Given the increased competition for deals where do you see PE firms focusing their attention?
Our observation is that GPs are avoiding auction processes more than ever and focussing more on relationship driven deal flow where they can obtain exclusivity. There has been an emergence of private equity deal origination firms which is providing successful deal flow to some GPs. GPs are also focussing on their own research to ordinate deals rather than waiting for deals to find them. There has also been more secondary deals done in recent years where GPs are buying each others assets. This has created deal flow and has also made sense where one GP has a different skill set or focus which might benefit the portfolio company.
What types of deals or transactions are currently proving popular?
We have been involved in a number of transactions where the more adventurous superannuation funds are buying assets from general partner funds. To manage their capital deployment needs they are buying long term assets particularly those that are protected from tech disruption and perform like infrastructure assets. Examples of such assets are pub portfolios, caravan park businesses. We believe that this long term view of private equity will become popular. An interesting issue will be whether some managers start to focus on putting teams together that are geared to long term asset management.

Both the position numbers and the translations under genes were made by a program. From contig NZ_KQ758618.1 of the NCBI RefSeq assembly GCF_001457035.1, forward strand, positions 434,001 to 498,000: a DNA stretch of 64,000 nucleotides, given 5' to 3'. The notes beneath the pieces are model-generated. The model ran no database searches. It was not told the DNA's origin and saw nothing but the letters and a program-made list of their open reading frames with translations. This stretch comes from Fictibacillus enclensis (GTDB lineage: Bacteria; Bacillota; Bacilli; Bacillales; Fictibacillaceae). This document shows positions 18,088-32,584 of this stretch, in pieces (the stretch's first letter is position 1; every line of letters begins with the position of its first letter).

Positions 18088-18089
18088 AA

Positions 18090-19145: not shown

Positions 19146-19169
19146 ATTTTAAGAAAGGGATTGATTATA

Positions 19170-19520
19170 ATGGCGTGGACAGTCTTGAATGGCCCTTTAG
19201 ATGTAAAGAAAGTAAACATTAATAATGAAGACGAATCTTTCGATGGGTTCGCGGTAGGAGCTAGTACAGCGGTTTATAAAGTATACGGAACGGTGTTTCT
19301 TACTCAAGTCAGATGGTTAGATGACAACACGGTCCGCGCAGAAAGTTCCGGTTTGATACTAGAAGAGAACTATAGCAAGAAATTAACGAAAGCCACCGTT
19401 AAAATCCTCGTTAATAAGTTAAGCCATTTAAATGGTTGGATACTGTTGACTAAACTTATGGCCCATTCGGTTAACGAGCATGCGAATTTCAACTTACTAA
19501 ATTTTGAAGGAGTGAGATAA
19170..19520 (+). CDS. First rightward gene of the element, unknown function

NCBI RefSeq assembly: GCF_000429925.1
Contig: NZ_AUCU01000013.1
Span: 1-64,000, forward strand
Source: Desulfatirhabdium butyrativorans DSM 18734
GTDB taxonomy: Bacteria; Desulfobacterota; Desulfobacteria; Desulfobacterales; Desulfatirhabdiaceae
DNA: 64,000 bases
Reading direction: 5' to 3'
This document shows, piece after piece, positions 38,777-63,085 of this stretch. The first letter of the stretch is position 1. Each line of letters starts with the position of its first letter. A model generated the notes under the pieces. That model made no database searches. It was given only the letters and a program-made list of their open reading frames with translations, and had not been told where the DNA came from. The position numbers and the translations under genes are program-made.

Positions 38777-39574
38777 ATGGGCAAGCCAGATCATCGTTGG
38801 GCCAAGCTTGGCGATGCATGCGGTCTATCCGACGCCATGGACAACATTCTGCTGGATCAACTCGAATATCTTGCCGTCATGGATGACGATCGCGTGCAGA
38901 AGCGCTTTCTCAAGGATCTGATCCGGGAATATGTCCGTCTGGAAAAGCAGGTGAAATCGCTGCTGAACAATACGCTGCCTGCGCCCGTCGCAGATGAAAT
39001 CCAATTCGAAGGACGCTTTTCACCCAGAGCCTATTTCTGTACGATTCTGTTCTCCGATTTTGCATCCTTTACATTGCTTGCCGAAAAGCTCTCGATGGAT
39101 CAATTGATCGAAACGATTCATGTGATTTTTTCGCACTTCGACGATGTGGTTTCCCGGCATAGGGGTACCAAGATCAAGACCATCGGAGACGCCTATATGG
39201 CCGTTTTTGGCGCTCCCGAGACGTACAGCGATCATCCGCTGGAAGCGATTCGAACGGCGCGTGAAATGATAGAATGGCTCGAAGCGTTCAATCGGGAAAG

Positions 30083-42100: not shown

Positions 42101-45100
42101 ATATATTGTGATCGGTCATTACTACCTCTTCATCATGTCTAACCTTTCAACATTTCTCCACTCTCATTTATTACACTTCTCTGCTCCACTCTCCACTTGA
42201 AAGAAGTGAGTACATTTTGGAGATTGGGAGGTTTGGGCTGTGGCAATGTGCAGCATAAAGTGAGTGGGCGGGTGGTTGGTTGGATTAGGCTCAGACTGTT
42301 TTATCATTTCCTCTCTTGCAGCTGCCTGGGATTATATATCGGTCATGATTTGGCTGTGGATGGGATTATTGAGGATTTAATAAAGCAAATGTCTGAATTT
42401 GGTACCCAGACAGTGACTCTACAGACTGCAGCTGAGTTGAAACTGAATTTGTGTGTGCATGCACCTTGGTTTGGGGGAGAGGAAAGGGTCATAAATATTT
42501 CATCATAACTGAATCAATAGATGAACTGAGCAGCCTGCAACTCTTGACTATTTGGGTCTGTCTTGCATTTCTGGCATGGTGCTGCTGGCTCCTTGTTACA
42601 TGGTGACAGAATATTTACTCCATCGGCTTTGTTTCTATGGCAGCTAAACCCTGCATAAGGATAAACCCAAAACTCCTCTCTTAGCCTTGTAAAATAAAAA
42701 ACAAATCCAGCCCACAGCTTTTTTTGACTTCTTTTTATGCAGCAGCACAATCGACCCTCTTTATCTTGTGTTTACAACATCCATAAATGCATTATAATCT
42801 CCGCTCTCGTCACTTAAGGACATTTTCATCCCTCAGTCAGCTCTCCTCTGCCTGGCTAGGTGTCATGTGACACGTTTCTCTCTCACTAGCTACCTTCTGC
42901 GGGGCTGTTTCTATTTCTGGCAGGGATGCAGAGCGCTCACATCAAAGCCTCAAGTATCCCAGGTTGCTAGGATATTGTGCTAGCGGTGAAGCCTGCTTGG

What areas are being targeted geographically?
There is a lot of capital inflow to Australia and parts of Asia. Australia whilst in a subdued growth environment provides investors with a relatively stable political environment and with a big drop in the Australian dollar exchange rate is providing good buying for foreign investors. Asian deals are still providing good growth opportunities albeit potentially with more downward risk from volatile Asian equity markets. Australian investors are increasingly looking offshore for private equity exposure to diversify their portfolios. To this end, many of the large Australian superannuation funds and the Future Fund are investing in US private equity in particular.
What key trends do you expect to see over the coming year, and in an ideal world what would you like to see implemented or changed?